BEIRUT: Family, friends and colleagues bade a tearful farewell on Aug. 15 to Ralph Mallahi, the sixth identified firefighter out of the 10 who perished in the explosion that destroyed or damaged nearly half of Beirut and led to the Lebanese government’s resignation.
Mallahi’s remains, encased in a white coffin, were carried by his colleagues — firefighters, officers and rescuers — all dressed in white, while his grieving family and relatives walked behind.
Wedding music played in the background as the funeral procession passed his workplace at the Beirut Fire Brigade headquarters in Karantina before touring the areas of Ain Al-Remmaneh and Forn El-Chebbak where Mallahi grew up. Rice and flowers were scattered, adding to the poignant scenes.
A dashing, tall and blue-eyed 24-year-old, Mallahi was among a group of firefighters who died while trying to contain the fire in warehouse No. 12 at the Port of Beirut, before two explosions destroyed the waterfront and its neighborhoods on Aug. 4.
Neither the firefighters nor the rescuers knew that the warehouse contained 2,750 tons of ammonium nitrate, stored next to fireworks.
The explosion claimed the lives of 180 civilians, while 30 people are still missing. More than 6,000 people were injured, and thousands more were displaced in the tragedy that caused huge losses to private and public property, infrastructure, hospitals, educational establishments, churches and mosques.
The body of Staff Sergeant Charbel Karam was found on Saturday, days after the remains of Mallahi, Staff Sergeant Rami Kaaki, Sergeant Elie Khouzami, firefighter Joe Noon and rescuer Sahar Fares were discovered. Other bodies are yet to be identified.
The remains of firefighters Charbel Hitti, 22, his cousin Najib Hitti, Michel Hawwa and Joe Bou Saab have also been found.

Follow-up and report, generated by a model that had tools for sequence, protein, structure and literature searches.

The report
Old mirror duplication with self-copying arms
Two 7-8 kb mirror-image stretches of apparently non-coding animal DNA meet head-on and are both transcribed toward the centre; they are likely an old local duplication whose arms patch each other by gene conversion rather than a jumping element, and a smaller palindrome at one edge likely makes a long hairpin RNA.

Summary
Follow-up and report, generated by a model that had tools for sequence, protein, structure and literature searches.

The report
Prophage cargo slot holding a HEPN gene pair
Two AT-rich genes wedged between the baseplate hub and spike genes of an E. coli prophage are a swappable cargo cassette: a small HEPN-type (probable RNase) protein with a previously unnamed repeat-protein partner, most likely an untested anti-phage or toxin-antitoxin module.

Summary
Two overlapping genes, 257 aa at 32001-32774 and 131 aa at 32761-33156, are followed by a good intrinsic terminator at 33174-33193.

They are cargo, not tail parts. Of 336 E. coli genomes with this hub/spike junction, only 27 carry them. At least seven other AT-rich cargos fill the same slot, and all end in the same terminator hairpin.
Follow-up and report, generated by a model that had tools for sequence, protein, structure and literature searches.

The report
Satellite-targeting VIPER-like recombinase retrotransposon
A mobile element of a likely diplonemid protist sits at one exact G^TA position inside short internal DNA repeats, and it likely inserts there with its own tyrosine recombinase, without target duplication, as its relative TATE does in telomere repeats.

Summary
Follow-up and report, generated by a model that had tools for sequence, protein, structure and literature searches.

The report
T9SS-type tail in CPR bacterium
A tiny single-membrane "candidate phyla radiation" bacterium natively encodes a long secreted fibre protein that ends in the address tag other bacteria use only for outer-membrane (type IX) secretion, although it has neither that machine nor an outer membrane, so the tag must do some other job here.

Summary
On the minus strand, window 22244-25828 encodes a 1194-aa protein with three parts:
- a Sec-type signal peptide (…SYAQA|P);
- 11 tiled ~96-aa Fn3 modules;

“Rescuers told us they pulled out remains and did a DNA test,” Charbel’s father George told Arab News.
Najib’s driving license was found next to human remains, indicating that he drove the fire truck.
On Monday, at a funeral for the three young men in their town, neighbors bid them a tearful last farewell.
An outwardly resilient George described the impact of the tragedy on his family: “My son wasn’t the only one killed in the crime committed against the Lebanese. Najib, 25, was working with him.”
They both joined the fire brigade three years ago, having previously served in the Civil Defense brigade in Qartaba. “My cousin Charbel Karam, who is also my brother-in-law, was also killed with them,” said George.
As the villagers raised the pictures of their three lost sons with the caption “Heroes,” the grieving mother said: “I don’t know who to cry for, whether for my son Charbel Hitti, my brother Charbel Karam or my brother-in-law’s son Najib.”
George said the three young men served the people and helped the needy. They worked in Beirut and returned to their homes in Qartaba 55 km away, he said, adding: “Thank God they never joined any (political) party.”
On the day of the explosion, George was in Beirut and wanted to visit them at their workplace for the first time.
“I went to the headquarters where they were sleeping after a long night shift. I woke up my son Charbel and his cousin Najib, and told them I’d see them in Qartaba after their shift. ‘Go back to sleep’,” he said.
George stayed in Beirut a little longer then returned home. “It didn’t occur to me that it would be the last time I’d see them — a farewell call,” he said. Karam, 37, leaves behind a wife and two baby daughters.
Beirut Mayor Marwan Abboud was the first to mourn the 10 firefighters on TV as he headed to the port, saying: “We lost 10 young people.”